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Durham Leaders Meet With Attorney About Lawsuit Threat

Posted September 6, 2007
Updated September 7, 2007

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— Durham City Council members want to talk further with the city's lawyers before deciding how to respond to a possible federal civil rights lawsuit from three former Duke lacrosse players falsely accused of rape and sexual assault.

In a closed session Thursday, city attorney Henry Blinder briefed the council for more than two hours about his meeting on Wednesday with attorneys representing for David Evans, Collin Finnerty and Reade Seligmann.

The players argue that their civil rights were violated in the yearlong investigation, in which they were indicted, then later declared innocent and all charges were dropped.
Council members must also decide whether to continue with an independent panel examining the Durham Police Department's handling of the case. The possibility of a lawsuit has stalled the panel's probe because the city's insurance company is concerned about how any findings could affect a lawsuit.

The council agreed to not comment on the matter, but City Councilman Howard Clement said before Thursday's meeting that the panel should continue its work.

"I hope that someday, somehow we can resume that effort, because we want to find out where the truth is," he said.

"There were mistakes made in this case, and there needs to be accountability, and the city needs to accept that accountability," City Councilman Thomas Stith III said.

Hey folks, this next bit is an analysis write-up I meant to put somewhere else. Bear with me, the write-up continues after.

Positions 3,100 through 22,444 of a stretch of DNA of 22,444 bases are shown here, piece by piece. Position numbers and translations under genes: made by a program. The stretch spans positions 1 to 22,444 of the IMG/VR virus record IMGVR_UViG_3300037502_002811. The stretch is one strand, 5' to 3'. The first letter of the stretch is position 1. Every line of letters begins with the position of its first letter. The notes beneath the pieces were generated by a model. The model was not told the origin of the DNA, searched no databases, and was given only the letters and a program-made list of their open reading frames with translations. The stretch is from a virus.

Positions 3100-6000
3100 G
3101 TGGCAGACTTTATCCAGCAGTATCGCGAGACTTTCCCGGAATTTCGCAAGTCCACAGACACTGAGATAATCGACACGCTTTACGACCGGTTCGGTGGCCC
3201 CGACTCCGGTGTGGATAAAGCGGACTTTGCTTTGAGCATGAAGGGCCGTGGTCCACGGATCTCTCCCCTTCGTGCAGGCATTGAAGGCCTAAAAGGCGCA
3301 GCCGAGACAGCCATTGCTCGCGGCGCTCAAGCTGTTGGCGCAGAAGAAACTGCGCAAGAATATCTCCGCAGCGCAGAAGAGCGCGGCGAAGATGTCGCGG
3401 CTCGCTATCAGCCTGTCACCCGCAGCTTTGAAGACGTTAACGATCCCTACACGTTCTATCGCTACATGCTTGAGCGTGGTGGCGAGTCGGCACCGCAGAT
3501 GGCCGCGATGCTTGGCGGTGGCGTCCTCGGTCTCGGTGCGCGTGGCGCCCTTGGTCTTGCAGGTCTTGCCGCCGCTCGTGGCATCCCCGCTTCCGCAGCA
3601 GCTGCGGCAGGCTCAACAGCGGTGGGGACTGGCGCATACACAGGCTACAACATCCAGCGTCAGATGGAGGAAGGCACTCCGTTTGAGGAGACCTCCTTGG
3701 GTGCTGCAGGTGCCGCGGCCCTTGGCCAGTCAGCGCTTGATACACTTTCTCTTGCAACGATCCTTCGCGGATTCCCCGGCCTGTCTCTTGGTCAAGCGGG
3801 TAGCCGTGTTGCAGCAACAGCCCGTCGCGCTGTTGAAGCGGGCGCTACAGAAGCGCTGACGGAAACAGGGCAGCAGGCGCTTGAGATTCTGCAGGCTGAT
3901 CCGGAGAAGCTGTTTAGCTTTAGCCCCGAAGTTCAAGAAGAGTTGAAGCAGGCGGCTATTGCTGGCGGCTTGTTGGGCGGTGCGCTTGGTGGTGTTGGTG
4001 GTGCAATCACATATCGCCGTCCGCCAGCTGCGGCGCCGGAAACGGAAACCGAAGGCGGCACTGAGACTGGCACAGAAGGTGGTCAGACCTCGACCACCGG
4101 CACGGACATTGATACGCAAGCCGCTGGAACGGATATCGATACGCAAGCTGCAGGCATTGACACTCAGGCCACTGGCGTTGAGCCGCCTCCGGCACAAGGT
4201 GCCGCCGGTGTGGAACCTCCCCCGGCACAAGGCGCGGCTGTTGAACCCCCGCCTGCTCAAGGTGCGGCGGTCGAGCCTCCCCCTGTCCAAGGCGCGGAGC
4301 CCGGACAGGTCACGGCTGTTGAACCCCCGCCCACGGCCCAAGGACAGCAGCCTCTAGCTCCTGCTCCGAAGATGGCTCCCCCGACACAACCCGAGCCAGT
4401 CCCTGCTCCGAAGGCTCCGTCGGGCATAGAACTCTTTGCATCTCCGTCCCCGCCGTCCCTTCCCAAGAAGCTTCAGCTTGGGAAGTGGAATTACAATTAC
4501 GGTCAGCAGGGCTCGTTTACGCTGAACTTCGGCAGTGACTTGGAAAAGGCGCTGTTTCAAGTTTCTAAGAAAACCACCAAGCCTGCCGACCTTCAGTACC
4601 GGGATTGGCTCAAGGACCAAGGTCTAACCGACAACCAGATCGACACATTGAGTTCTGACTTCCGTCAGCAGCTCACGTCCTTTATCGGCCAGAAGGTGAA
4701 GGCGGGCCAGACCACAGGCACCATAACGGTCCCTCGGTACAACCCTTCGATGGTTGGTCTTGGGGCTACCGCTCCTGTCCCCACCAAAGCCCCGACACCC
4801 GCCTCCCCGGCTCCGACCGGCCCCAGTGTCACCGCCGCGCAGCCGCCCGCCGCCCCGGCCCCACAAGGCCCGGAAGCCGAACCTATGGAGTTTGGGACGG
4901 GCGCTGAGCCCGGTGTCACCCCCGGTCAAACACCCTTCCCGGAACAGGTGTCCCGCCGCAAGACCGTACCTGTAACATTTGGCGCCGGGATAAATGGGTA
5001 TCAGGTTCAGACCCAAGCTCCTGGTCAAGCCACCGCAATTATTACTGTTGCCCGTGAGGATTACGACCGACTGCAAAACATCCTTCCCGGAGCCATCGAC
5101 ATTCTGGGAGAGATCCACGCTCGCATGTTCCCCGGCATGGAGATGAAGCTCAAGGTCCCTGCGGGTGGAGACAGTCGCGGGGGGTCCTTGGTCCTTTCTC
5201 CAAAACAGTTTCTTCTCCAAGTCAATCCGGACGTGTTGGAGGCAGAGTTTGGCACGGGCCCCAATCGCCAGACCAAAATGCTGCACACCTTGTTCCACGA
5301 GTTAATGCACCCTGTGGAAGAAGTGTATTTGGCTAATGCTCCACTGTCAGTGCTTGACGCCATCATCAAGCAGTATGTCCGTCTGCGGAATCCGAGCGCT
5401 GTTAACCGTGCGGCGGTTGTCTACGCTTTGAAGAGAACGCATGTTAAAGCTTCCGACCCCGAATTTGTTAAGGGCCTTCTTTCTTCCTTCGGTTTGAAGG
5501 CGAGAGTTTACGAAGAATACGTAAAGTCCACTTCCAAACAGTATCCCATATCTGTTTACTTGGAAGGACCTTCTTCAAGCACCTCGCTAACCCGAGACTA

Mayor Bill Bell and at least three City Council members called in May for the special investigation into the police department's handling of the case. An internal department report found no wrongdoing on investigators' part.

It also concluded that the case was hampered, in part, because of then-District Attorney Mike Nifong's strained relationship with defense attorneys and that if it had been better, the case could have been resolved much more quickly.

But Bell said the report lacked focus and left questions about the investigation unanswered.

Evans, Finnerty and Seligmann have retained high-profile civil attorneys, including New York attorneys Barry Scheck and Brendan Sullivan Jr.

Scheck represented O.J. Simpson in his highly publicized 1995 murder trial, and Sullivan represented Lt. Col. Oliver North in the Iran-Contra scandal in the 1980s.

Family members of the three exonerated men have also said little about potential civil litigation.

"We do have civil counsel. They are also excellent," Finnerty's father, Kevin Finnerty, said Wednesday. "We are following their lead."

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  • Nancy Sep 7, 2007

    "Have you stopped to think that this isn't punishing the right people? This is punishing the tax payers. The money won't be taken from the salaries of those that perpetuated this fraud, it will be taken from the inocent tax payers."

    The innocent taxpayers put him in office, indeed, even those appointed to positions involved were done by elected members of Durham government.

    Now, if you are violated, do you just roll over and say, I won't do anything about the wrongs and the exhorbitant cost financially and emotionally because, well, gee, the taxpayers will be paying for someone else's mistakes?